Osteoporosis is a condition where bone density is lost, making them more likely to break. Losing bone density is a normal part of the ageing process, but for some people it can lead to the development of osteoporosis. It can also affect children, but is most common in people over the age of 50.

What causes osteoporosis?

From about the age of 35, bone density is gradually lost. There are a number of factors that increase your risk of developing osteoporosis. These include:

  • Women who have reached the menopause. This is when the woman’s monthly cycle stops. Women lose bone density quickly in the first few years of menopause.
  • Inflammatory conditions such as rheumatoid arthritis, Chronic Obstructive Pulmonary Disease (COPD) and Crohn’s disease
  • Having an overactive or underactive thyroid
  • Having a family history of osteoporosis
  • Long term used of certain medicines, such as prednisolone (a steroid)
  • Drinking heavily
  • Smoking

“I was worried about developing osteoporosis as my mother had it. I had just turned 45 and the menopause had just kicked in so I went to speak to my Pharmacist about what I could do to try to prevent it if possible. They gave me some tips and advice on lifestyle changes I could make, such as reducing my alcohol intake, stopping smoking and taking part in some light exercise. They also suggested I should speak to my GP, as I have a family history of developing the condition.”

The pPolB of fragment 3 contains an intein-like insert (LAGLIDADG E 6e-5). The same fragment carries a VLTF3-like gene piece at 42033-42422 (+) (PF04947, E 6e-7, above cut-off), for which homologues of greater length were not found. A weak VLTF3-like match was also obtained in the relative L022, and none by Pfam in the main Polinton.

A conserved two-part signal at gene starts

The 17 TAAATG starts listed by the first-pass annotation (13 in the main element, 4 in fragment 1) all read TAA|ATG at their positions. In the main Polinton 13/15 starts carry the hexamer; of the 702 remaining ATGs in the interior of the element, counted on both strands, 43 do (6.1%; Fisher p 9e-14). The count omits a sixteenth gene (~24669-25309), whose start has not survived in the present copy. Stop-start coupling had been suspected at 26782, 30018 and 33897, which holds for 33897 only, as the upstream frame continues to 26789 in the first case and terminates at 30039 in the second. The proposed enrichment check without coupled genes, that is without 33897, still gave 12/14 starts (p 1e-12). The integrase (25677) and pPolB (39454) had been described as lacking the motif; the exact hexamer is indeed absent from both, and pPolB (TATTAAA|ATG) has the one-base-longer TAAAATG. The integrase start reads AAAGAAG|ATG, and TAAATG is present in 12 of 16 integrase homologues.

Early diagnosis will give the best results. It is highly recommended that a scan of the spine and hip area is conducted to diagnose osteoporosis. It is a treatable disease in the majority of people with prevention of fractures and medication to strengthen bones can be started if appropriate. The treatment will depend on the results from a scan along with other contributing factors.

What are the symptoms of osteoporosis?

Osteoporosis is sometimes referred to as the ‘silent disease’ as it tends to progress without any symptoms or pain. A GP usually diagnoses osteoporosis after a painful fracture occurs, normally in the back, wrist or hip.

Other symptoms are:

  • Sudden pain in the lower, mid or upper back
  • Loss of height
  • The development of a hump on the back and or a change in shape of the body

Most people won’t experience pain until a fracture occurs, but some can experience pain without a fracture.

Speak to your GP if you experience any of these signs or symptoms or you have one or more of the risk factors.